High mountain environments in South America, which in many locations encompass peaks that reach 21,000 feet (6,500 meters) or more in altitude, are home to some of the most spectacular glaciers on our planet. My research on one particular glacier shows how endangered these environments are.
In recent years my colleagues and I have been studying the fate of one site in the high Andes of Peru. We work in a location in southern Peru which hosts what used to be the world’s largest tropical ice cap, called Quelccaya. This ice cap covers an area the size of more than 9,000 football fields draping an entire high-elevation plateau in thick ice.
To better understand how climate change affects this site, my colleague Doug Hardy from the University of Massachusetts and myself installed an automated weather station on the summit at 19,000 feet (5,680 meters) in 2004.
Our climate analysis, together with remote sensing data analyzed by my former Peruvian Ph.D. student Christian Yarleque, clearly documents that the ice cap has been shrinking rapidly in recent decades. And in a recent study, we were able to show that we will lose this ice cap soon unless we dramatically reduce our global greenhouse gas emissions in the next 30 years.
Unfortunately Quelccaya is not a unique case, as climate change is rapidly transforming the high-mountain environments in the Andes from Venezuela in the north to Chile in the south. As our work in Peru shows, these changes will have profound effects locally, with potential repercussions far from the glacier sites.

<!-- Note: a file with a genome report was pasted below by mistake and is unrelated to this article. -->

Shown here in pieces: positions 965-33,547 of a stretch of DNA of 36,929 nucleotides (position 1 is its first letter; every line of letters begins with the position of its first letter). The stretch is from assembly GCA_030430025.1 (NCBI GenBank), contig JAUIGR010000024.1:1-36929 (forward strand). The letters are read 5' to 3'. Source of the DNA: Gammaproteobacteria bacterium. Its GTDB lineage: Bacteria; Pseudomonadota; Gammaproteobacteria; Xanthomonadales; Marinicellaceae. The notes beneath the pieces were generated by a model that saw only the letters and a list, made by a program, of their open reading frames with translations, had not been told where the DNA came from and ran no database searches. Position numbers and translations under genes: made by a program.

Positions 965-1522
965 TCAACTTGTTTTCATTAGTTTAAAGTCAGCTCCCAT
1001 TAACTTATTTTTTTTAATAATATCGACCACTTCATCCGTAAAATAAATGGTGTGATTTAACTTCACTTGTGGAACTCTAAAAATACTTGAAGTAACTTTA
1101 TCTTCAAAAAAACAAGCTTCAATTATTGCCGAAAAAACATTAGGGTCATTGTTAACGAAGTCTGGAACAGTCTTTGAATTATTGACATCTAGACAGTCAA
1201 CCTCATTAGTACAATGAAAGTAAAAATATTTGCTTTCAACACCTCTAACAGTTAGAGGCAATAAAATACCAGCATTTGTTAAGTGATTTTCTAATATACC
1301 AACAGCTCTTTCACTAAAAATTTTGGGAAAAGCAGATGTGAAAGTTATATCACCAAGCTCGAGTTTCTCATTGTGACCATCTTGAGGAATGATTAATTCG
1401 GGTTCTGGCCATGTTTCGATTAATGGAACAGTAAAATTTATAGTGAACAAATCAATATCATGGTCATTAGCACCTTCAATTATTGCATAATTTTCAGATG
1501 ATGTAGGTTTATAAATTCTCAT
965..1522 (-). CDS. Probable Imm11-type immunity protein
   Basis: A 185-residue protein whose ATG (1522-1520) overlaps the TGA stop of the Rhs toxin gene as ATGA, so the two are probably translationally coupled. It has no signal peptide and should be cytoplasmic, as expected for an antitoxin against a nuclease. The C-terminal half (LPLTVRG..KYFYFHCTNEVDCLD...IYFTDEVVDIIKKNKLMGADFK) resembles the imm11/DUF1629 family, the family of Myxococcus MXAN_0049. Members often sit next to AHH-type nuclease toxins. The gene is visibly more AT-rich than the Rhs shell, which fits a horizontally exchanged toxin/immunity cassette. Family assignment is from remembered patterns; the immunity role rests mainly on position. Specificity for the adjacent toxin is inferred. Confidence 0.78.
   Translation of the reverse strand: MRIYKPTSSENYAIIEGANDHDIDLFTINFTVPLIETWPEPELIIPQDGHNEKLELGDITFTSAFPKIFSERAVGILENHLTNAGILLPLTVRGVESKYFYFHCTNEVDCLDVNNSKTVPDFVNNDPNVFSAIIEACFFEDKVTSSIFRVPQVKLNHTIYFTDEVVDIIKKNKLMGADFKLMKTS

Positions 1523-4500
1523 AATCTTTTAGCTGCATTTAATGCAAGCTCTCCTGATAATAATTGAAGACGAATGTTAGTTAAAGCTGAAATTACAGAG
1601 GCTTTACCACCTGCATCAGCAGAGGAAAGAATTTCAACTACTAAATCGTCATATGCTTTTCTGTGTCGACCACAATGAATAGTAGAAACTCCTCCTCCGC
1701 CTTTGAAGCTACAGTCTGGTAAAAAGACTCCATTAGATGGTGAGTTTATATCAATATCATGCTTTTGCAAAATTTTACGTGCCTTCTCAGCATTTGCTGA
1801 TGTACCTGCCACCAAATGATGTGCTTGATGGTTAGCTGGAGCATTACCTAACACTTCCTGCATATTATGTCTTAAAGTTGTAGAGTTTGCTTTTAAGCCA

Many demands on glacier water
As a climate scientist who specializes in understanding the influence of climate change on Andean glaciers, I have been witnessing this process for almost three decades, since I first starting working in the Andes in the early 1990s. Glaciers in many ways are ideal to study climate change because they allow people to visualize the changes in our environment. Changes in glacier extent, which can be seen in many locations around the world, can be interpreted as a direct response to changes in climate.
But these glaciers are not only of scientific interest to people like me, as they provide the fundamental basis for the livelihoods of people who live near these mountains. Glaciers essentially operate like giant water reservoirs and continually release water through melt. People living downstream use this for drinking water and sanitation, to irrigate their fields and to maintain large wetlands and pastures where their llamas and alpacas can graze.
The same water is also being used by hydropower companies to produce electricity, for mining purposes and for large-scale irrigation projects where crops are grown for export. Hence, there are many competing interests that rely on this glacier melt water and the pressure on this water resource is further exacerbated by a rapidly growing demand due to population growth and expanding economies. Indeed, in some locations in the Andes conflicts over water allocation and who controls, regulates and determines access to water have been simmering for quite some time, highlighting the need for adequate water governance.